The family of an Ohio teen who suffocated to death in his minivan last year announced Monday they are suing the city of Cincinnati for wrongful death over their son's 911 calls they allege were improperly handled.
Kyle Plush, 16, died April 10, 2018, after he became pinned by a third-row seat in the back of the van parked at his school and suffocated before officers found him. Kyle was found five hours after he managed to make the first of two emergency calls using his iPhone's voice-activated Siri tool.
While he was trying to grab something from the back of the family's van, Kyle became trapped against the backdoor when the minivan's rear seats unexpectedly folded back on him.
"He provided his location and a description of the van," the suit stated. "He screamed, pounded, begged for help. No one helped him."
The suit, filed Monday on behalf of Kyle's parents, Ron and Jill Plush, lists the city of Cincinnati, its city manager, two officers and two 911 operators as defendants in their son’s wrongful death case
Kyle first called 911 at 3:14 p.m. ET and told the dispatcher that he was stuck inside his van parked at Seven Hills School.
He made a second 911 call at 3:35 p.m. and provided dispatchers with the make and the model of the vehicle — a 2004 Honda Odyssey — and a heartbreaking message: "I probably don't have much time left, so tell my mom that I love her if I die."
The lawsuit accuses the 911 operator who took Kyle's first call of withholding information on the teen's precise location and alleges the second 911 call was treated as a "silent call," or an improperly enabled call.
The family's lawsuit also blames two responding officers for not properly searching the parking lot despite having access to a GPS tool that could pinpoint Kyle's cellphone location.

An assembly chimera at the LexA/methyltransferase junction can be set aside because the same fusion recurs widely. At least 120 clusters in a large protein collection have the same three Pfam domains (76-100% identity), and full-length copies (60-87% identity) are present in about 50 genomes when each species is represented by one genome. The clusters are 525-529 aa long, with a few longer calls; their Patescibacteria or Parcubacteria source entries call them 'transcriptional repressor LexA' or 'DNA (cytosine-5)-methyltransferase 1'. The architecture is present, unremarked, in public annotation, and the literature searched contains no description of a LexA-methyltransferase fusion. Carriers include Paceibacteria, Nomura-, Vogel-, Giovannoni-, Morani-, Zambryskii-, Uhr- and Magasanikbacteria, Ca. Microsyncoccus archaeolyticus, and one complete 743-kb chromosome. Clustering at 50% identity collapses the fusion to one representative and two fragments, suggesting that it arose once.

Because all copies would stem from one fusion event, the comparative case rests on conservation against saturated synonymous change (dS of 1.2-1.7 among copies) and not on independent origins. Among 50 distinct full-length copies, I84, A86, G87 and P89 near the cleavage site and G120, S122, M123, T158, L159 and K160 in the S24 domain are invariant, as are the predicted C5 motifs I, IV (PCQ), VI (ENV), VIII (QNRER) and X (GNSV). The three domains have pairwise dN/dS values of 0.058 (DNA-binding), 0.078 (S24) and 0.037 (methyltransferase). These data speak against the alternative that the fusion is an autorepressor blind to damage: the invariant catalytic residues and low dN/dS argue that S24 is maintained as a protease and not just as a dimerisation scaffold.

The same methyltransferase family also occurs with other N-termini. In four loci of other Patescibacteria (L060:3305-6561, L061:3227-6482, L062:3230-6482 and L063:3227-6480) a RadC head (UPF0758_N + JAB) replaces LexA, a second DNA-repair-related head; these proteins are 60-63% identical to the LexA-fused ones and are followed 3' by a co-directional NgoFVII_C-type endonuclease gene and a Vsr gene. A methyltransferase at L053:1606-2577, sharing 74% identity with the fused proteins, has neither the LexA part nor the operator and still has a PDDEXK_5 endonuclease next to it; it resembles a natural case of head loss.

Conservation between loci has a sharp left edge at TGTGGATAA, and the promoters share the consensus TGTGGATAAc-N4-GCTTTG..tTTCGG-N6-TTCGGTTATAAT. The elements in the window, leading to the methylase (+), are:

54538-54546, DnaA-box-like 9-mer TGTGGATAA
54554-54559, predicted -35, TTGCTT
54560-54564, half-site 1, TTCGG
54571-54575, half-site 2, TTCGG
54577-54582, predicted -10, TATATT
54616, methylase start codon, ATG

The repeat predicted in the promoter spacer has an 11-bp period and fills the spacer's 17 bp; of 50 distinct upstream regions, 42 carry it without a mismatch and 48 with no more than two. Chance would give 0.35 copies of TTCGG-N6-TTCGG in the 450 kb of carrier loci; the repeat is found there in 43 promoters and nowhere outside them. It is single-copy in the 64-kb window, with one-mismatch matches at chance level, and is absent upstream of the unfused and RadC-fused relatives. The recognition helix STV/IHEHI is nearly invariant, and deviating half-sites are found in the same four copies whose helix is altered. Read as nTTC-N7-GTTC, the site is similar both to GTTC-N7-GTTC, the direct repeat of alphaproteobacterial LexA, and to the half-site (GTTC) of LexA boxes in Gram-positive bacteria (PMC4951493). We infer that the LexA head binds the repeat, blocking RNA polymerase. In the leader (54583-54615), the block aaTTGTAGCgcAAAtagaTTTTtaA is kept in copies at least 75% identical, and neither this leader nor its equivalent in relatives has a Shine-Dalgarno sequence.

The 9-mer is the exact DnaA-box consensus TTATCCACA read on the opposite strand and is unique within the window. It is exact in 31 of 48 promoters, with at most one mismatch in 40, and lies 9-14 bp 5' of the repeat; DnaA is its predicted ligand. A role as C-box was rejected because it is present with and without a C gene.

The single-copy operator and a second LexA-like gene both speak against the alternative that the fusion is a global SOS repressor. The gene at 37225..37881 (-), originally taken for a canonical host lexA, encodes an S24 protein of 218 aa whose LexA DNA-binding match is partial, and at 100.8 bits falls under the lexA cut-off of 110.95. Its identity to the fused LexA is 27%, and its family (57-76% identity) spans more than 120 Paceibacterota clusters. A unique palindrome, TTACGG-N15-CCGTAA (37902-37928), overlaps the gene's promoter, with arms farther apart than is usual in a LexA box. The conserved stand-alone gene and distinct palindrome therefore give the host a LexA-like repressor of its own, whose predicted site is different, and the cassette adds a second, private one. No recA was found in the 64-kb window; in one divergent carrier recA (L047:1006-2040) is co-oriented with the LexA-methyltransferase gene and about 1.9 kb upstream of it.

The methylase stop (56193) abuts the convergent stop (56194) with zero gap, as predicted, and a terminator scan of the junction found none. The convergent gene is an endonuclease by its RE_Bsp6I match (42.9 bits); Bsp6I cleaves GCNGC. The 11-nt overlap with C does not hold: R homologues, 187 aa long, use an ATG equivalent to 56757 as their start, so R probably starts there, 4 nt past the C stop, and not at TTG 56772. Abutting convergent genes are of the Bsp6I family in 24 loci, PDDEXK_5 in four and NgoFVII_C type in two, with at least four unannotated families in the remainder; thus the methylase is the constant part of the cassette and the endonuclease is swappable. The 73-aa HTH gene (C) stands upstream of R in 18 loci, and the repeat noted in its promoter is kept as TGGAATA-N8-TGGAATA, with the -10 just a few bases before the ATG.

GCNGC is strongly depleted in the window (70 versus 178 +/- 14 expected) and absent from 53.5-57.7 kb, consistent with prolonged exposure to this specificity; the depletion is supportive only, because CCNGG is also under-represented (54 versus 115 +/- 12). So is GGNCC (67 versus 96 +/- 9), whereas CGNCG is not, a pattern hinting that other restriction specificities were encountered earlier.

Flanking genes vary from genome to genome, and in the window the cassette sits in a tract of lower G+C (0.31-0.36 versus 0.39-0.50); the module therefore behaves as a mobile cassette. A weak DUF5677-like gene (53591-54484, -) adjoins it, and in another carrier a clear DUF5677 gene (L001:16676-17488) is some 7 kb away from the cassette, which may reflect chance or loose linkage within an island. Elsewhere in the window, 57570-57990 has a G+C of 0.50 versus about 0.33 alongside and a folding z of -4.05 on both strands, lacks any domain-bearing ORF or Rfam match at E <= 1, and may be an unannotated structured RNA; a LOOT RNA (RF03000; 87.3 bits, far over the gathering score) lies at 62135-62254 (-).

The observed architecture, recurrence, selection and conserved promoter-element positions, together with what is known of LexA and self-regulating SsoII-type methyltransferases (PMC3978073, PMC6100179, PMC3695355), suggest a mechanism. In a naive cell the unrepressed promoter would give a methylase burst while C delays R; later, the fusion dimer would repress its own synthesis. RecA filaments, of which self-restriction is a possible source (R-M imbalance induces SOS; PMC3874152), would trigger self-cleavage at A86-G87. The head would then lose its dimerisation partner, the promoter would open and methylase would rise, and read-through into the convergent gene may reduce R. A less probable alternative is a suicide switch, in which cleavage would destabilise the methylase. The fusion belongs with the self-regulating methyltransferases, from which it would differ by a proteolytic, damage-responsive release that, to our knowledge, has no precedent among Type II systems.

"Kyle was alive when the officers abandoned the scene," according to the lawsuit. "Kyle's father, not the police, finally discovered his lifeless body hours later."
The lawsuit also alleges that the city was aware of previous complaints made regarding the police department's Emergency Communications Section failing to locate callers and delaying dispatch in response to emergency calls. It alleges that the city was "negligent, reckless, wanton, willful and deliberately indifferent to the health of 9-1-1 callers."
The city of Cincinnati did not immediately respond to a request for comment from NBC News.
Ron and Jill Plush last year described their son to NBC News as a "very creative, smart person" and praised his quick thinking after he became trapped in the vehicle.
"If you met Kyle, he was just an unforgettable kid," Jill Plush said at the time. "He always had a smile on his face, he was always friendly to people that he would walk by, he had a larger-than-life personality."